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Arquivo Brasileiro de Medicina Veterinária e Zootecnia

versão impressa ISSN 0102-0935versão On-line ISSN 1678-4162

Arq. Bras. Med. Vet. Zootec. v.55 n.2 Belo Horizonte abr. 2003

https://doi.org/10.1590/S0102-09352003000200008 

Effects of desflurane, sevoflurane and isoflurane on pulmonary shunt in dogs during spontaneous ventilation

 

Efeitos do desflurano, sevoflurano e isoflurano sobre o shunt pulmonar em cães sob respiração espontânea

 

 

N. Nunes; S.E.C. Martins; P.S.P. Santos; M.L. Rezende

Faculdade de Ciências Agrárias e Veterinárias da UNESP - Campus de Jaboticabal Rodovia Paulo Donato Castellane s/n°, Zona Rural 14870-000 - Jaboticabal, SP

 

 


ABSTRACT

The aim of this study was to compare the effects of desflurane, sevoflurane and isoflurane on pulmonary shunt in dogs during spontaneous ventilation. General anesthesia was induced in 30 healthy, adult, mongrel dogs by intravenous administration of propofol. The animals were separated into three groups of 10 dogs each and submitted to general inhalation anesthesia with 1.5 MAC of desflurane (G1), sevoflurane (G2) and isoflurane (G3). Arterial blood was collected by puncture of the right femoral artery, and mixed blood was collected by introducing a Swan-Ganz catheter into the pulmonary artery. These samples were used to determine the parameters employed for calculation of the intrapulmonary shunt. Measurements began at 20min after orotracheal intubation and were repeated every 20min, totaling six measurements. Means were compared by the Student t-test (P£ 0.05). Desflurane led to a higher shunt than sevoflurane and isoflurane at 40 and 60min. At 80min, the mean values obtained for desflurane were higher than those obtained for isoflurane, while at 100min the values observed for dogs anesthetized with desflurane were higher than those obtained with sevoflurane. Desflurane caused respiratory depression by reducing PaO2, and a higher percentage of intrapulmonary shunt than isoflurane and sevoflurane.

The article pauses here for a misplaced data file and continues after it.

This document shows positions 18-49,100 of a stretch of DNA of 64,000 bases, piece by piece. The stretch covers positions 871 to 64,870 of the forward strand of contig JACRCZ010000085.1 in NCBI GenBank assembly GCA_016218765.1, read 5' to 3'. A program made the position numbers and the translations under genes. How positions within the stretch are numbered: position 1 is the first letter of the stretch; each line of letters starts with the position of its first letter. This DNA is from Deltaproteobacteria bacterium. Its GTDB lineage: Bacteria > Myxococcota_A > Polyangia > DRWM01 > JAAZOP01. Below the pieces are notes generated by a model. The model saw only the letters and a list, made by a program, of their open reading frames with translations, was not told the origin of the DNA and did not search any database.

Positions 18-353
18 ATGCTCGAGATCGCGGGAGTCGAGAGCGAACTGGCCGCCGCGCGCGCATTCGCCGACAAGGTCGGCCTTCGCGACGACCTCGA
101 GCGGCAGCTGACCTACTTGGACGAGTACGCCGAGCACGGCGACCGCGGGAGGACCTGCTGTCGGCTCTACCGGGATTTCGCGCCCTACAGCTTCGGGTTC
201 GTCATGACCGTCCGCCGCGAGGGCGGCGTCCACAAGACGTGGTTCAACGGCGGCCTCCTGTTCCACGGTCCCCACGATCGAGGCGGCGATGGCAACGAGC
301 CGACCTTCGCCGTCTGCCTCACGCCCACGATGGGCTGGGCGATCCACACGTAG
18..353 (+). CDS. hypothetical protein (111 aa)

Keywords: dog, intrapulmonary shunt, desflurane, isoflurane, sevoflurane


RESUMO

O estudo teve por objetivo avaliar os efeitos de três anestésicos inalatórios sobre o shunt pulmonar em cães sob ventilação espontânea. Trinta cães foram separados e protocolados em três grupos (G) de 10 cães cada. Induziu-se a anestesia geral por meio da administração intravenosa de propofol. Em seguida procedeu-se à anestesia geral inalatória pelo desflurano (G1), sevoflurano (G2) ou isoflurano (G3) na concentração de 1,5 CAM. Para a determinação dos parâmetros utilizados nas equações para cálculo do shunt intrapulmonar foram colhidos sangue arterial por punção da artéria femoral direita, e sangue misto, por meio de cateter de Swan-Ganz, posicionado na artéria pulmonar. As mensurações tiveram início 20min após a intubação orotraqueal e se repetiram a cada 20min, num total de seis colheitas. Contrastes de médias foram feitos pelo teste t de Student (P£ 0,05). O desflurano apresentou shunt pulmonar superior aos apresentados pelo sevoflurano e isoflurano aos 40 e 60min. Aos 80min, os valores médios obtidos com o desflurano foram superiores aos obtidos pelo isoflurano, enquanto que aos 100min foram mais elevados do que os obtidos pelo sevoflurano. O desflurano, quando comparado ao isoflurano e ao sevoflurano, produziu depressão respiratória pela redução da PaO2, determinando maior percentagem de shunt intrapulmonar.

Palavras-chave: cão, shunt pulmonar, desflurano, isoflurano, sevoflurano


 

 

INTRODUCTION

Intrapulmonary shunt is defined as the blood passing from the right to the left side of the circulation without being oxygenated (Haskins, 1996). The understanding of the effects of anesthetic agents on shunt values allows the anticipation of possible changes in tissue oxygenation capacity, since elevated shunt values induced by anesthesia lead to lower oxygen transport rates.

The use of the Swan-Ganz catheter represented a significant advance for monitoring critically ill patients in intensive care units or in surgical facilities. For patients with acute respiratory failure or other respiratory pathologies, the advent of this technology allowed calculation of the percentage of intrapulmonary shunt, which in turn contributes to the assessment of prognosis and selection of therapeutic procedures (Kreienbühl et al., 1975).

In addition, development of new anesthetic drugs provides new resources for the anesthesiologist, which may help to minimize the risks inherent to routine anesthetic procedures. Therefore, the study of recently developed drugs and their comparison with commonly used ones might be of great value, especially with respect to their effects on poorly investigated physiological variables.